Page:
Creating Accessible Learning Materials: Document Accessibility

April 30th 12:10-12:30 Accessibility Zoom

This webinar will give a brief overview of the application of Web Content Accessibility Guidelines applicable to learning materials (PDFs and slides) and their importance for Universal Design for Learning. Questions? Contact Ben Rearick.

A Coronavirus Reading List

During this season of coronavirus and isolation, Jerry Becker is rereading P.G. Wodehouse’s “A Bounty of Blandings,” an English tale of an earl, his prize-winning pig and his demanding family.

The WSU Libraries system administrator takes comfort from Wodehouse’s trusted humor and the words of fellow author Evelyn Waugh: “Wodehouse is an anodyne to annoyances. He’s a tonic for those suffering from bearable but burdensome loads of boredom, from jadedness of outlook and dinginess of soul.”

“What I like most is his use of language, comic turn of phrase, whimsical point of view and ability to find humor in the everyday life of the early 20th century,” Becker said. “When reading his stuff, I find myself applying Wodehouse quotes and ‘isms’ to circumstances in our daily life here at home with my wife. It makes us laugh!”

For many now, a reading journey can bring much-needed laughter; feed a hunger to understand; and create an allowable human connection amid the restrictions of social distancing. Here, then, is a reading list from WSU Libraries faculty and staff that can’t help but be influenced by these strange, anxious, lonely times.

We have been here before

Several of those polled about their reading pursuits found themselves delving, not surprisingly, into pandemics of the past. Manuscripts, Archives and Special Collections rare books cataloger Julie King is reading “A Journal of the Plague Year” by Daniel Defoe; the novel, published in 1722, concerns the plague epidemic in London in 1665.

Other possibilities, courtesy of scholarly communication librarian Talea Anderson, are the 1947 novel “The Plague” by Albert Camus and the 1992 science fiction novel “Doomsday Book” by Connie Willis. “‘Doomsday Book’ is an especially haunting retelling of how people experienced loss on its most intimate level during the spread of the bubonic plague,” Anderson said.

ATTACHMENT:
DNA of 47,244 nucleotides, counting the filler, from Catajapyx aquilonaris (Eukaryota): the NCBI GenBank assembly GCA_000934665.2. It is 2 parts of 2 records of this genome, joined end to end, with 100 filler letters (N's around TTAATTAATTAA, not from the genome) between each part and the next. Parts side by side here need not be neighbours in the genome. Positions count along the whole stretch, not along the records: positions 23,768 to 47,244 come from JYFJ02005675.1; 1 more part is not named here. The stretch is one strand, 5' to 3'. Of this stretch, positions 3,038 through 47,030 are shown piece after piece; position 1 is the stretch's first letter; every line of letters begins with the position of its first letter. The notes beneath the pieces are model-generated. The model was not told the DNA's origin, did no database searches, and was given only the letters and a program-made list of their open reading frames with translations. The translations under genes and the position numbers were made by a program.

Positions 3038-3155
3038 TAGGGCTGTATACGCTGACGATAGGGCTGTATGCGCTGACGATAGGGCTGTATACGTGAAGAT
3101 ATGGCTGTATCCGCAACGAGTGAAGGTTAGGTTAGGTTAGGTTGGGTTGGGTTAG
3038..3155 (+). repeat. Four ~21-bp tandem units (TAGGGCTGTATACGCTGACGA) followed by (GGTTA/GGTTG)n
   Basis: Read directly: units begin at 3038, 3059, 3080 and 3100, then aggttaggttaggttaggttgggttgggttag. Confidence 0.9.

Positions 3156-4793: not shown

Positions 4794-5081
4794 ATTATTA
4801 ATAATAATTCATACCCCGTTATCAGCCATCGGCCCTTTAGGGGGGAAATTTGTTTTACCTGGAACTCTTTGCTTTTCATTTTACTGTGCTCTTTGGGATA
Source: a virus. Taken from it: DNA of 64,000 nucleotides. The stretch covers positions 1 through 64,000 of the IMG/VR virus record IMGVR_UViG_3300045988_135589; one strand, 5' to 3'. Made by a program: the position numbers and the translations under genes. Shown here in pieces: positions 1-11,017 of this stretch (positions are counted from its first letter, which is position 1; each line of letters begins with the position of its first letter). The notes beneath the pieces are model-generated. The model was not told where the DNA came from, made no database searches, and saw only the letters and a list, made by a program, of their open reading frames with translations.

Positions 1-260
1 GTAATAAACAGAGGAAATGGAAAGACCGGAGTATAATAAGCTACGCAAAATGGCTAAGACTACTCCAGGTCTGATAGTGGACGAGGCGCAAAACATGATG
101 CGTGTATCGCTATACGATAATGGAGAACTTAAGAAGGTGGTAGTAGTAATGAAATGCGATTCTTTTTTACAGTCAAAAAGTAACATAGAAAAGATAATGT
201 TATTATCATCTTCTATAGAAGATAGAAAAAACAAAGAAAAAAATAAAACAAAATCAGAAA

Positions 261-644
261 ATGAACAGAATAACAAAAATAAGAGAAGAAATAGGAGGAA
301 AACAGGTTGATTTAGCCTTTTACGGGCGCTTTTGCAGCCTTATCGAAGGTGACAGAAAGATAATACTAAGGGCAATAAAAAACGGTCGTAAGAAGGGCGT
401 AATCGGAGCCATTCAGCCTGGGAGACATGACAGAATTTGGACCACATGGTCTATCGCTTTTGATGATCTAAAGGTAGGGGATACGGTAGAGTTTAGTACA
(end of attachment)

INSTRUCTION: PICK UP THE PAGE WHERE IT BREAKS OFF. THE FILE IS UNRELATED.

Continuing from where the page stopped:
Erica England, first-year experience librarian, chose “Tell the Wolves I’m Home” (2012) by Carol Rifka Brunt. The book is set in 1987 during the AIDS scare and tells the story of how a young teenage girl mourns the loss of her gay uncle to AIDS, while learning to accept who she is and who he was.

“Although I’ve read this book before, it’s been a few years, and I thought now would be the perfect time for another reading of it,” England said. “Ultimately, it’s about profound loss and the giant grief that accompanies it. But it’s also about finding yourself in that loss and finding your way through it. Above all, it shows how compassion can make us whole again. And I think during this time, we need compassion more than anything else in the world.”

Special collections librarian Greg Matthews said he read a review of “Florence Under Siege” (2019) by John Henderson about a month ago. The book details how the city of Florence handled plague for a year in the early 17th century.

The city health department, the Sanita, consulted with peers in other cities such as Milan and Venice to contain the plague by closing the city; establishing lazzarettos, or quarantine stations, in civic and church spaces; and providing daily rations of food and drink for the entire populace.

But the picture wasn’t entirely sunny, Matthews said. One of the more appalling dimensions of life during plague in Florence was the perception that poor people were too selfish and stupid to discourage the spread of disease to their betters. Also, Jews were suspected of being plague vectors, maybe malicious ones.

“So it’s not as though people were behaving at their best,” he said. “People carried on, insisted upon living their lives by dancing, gossiping and courting.